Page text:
Proton conduction within the reaction centers of Rhodobacter capsulatus: The electrostatic role of the protein

P. Maróti, Deborah K. Hanson, Laura Baciou, Marianne Schiffer, Pierre Sebban

Research output: Contribution to journalArticle

58 Citations (Scopus)

Abstract

Light-induced charge separation in the photosynthetic reaction center results in delivery of two electrons and two protons to the terminal quinone acceptor Q(B). In this paper, we have used flash-induced absorbance spectroscopy to study three strains that share identical amino acid sequences in the Q(B) binding site, all of which lack the protonatable amino acids Glu- L212 and Asp-L213. These strains are the photosynthetically incompetent site- specific mutant Glu-L212/Asp-L213 → Ala-L212/Ala-L213 and two different photocompetent derivatives that carry both alanine substitutions and an intergenic suppressor mutation located far from Q(B) (class 3 strain, Ala- Ala + Arg-M231 → Leu; class 4 strain, Ala-Ala + Asn-M43 → Asp). At pH 8 in the double mutant, we observe a concomitant decrease of nearly 4 orders of magnitude in the rate constants of second electron and proton transfer to Q(n) compared to the wild type. Surprisingly, these rates are increased to about the same extent in both types of suppressor strains but remain >2 orders of magnitude smaller than those of the wild type. In the double mutant, at pH 8, the loss of Asp-L213 and Glu-L212 leads to a substantial stabilization (≥60 meV) of the semiquinone energy level. Both types of compensatory mutations partially restore, to nearly the same level, the original free energy difference for electron transfer from primary quinone Q(A) to Q(B). The pH dependence of the electron and proton transfer processes in the double-mutant and the suppressor strains suggests that when reaction centers of the double mutant are shifted to lower pH (1.5-2 units), they function like those of the suppressor strains at physiological pH. Our data suggest that the main effect of the compensatory mutations is to partially restore the negative electrostatic environment of Q(B) and to increase an apparent 'functional' pK of the system for efficient proton transfer to the active site. This emphasizes the role of the protein in tuning the electrostatic environment of its cofactors and highlights the possible long- range electrostatic effects.

Original languageEnglish
Pages (from-to)5617-5621
Number of pages5
JournalProceedings of the National Academy of Sciences of the United States of America
Volume91
Issue number12
DOIs
Publication statusPublished - Jun 7 1994

Fingerprint

Rhodobacter capsulatus
Static Electricity
Protons
Electrons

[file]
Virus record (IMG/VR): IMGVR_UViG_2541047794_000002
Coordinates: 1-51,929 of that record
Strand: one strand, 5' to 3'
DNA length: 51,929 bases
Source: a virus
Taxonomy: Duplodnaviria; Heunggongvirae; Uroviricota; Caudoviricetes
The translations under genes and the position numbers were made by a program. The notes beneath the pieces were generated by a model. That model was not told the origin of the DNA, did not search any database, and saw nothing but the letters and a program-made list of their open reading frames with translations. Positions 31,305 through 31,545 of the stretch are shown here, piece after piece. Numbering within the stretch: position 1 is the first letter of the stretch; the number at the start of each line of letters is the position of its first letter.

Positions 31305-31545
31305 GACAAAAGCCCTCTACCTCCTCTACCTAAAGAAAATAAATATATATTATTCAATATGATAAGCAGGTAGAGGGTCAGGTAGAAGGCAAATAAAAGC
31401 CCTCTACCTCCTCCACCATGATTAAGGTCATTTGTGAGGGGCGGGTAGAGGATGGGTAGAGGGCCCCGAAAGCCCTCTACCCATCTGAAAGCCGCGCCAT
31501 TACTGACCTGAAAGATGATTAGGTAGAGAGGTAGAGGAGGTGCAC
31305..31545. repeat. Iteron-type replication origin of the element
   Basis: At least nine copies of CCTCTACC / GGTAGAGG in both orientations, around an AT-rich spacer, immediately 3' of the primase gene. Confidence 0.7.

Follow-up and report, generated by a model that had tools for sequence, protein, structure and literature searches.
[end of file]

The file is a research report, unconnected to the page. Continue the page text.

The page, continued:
Proteins
Photosynthetic Reaction Center Complex Proteins
Genetic Suppression
Mutation
Viperidae
Alanine
Amino Acid Sequence
Catalytic Domain
Spectrum Analysis
Binding Sites
Light
Amino Acids

Keywords

  • electron transfer
  • photochemical reaction center
  • proton transfer
  • site- specific mutagenesis

ASJC Scopus subject areas

  • Genetics
  • General

Cite this

Proton conduction within the reaction centers of Rhodobacter capsulatus : The electrostatic role of the protein. / Maróti, P.; Hanson, Deborah K.; Baciou, Laura; Schiffer, Marianne; Sebban, Pierre.

In: Proceedings of the National Academy of Sciences of the United States of America, Vol. 91, No. 12, 07.06.1994, p. 5617-5621.

Research output: Contribution to journalArticle

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abstract = "Light-induced charge separation in the photosynthetic reaction center results in delivery of two electrons and two protons to the terminal quinone acceptor Q(B). In this paper, we have used flash-induced absorbance spectroscopy to study three strains that share identical amino acid sequences in the Q(B) binding site, all of which lack the protonatable amino acids Glu- L212 and Asp-L213. These strains are the photosynthetically incompetent site- specific mutant Glu-L212/Asp-L213 → Ala-L212/Ala-L213 and two different photocompetent derivatives that carry both alanine substitutions and an intergenic suppressor mutation located far from Q(B) (class 3 strain, Ala- Ala + Arg-M231 → Leu; class 4 strain, Ala-Ala + Asn-M43 → Asp). At pH 8 in the double mutant, we observe a concomitant decrease of nearly 4 orders of magnitude in the rate constants of second electron and proton transfer to Q(n) compared to the wild type. Surprisingly, these rates are increased to about the same extent in both types of suppressor strains but remain >2 orders of magnitude smaller than those of the wild type. In the double mutant, at pH 8, the loss of Asp-L213 and Glu-L212 leads to a substantial stabilization (≥60 meV) of the semiquinone energy level. Both types of compensatory mutations partially restore, to nearly the same level, the original free energy difference for electron transfer from primary quinone Q(A) to Q(B). The pH dependence of the electron and proton transfer processes in the double-mutant and the suppressor strains suggests that when reaction centers of the double mutant are shifted to lower pH (1.5-2 units), they function like those of the suppressor strains at physiological pH. Our data suggest that the main effect of the compensatory mutations is to partially restore the negative electrostatic environment of Q(B) and to increase an apparent 'functional' pK of the system for efficient proton transfer to the active site. This emphasizes the role of the protein in tuning the electrostatic environment of its cofactors and highlights the possible long- range electrostatic effects.",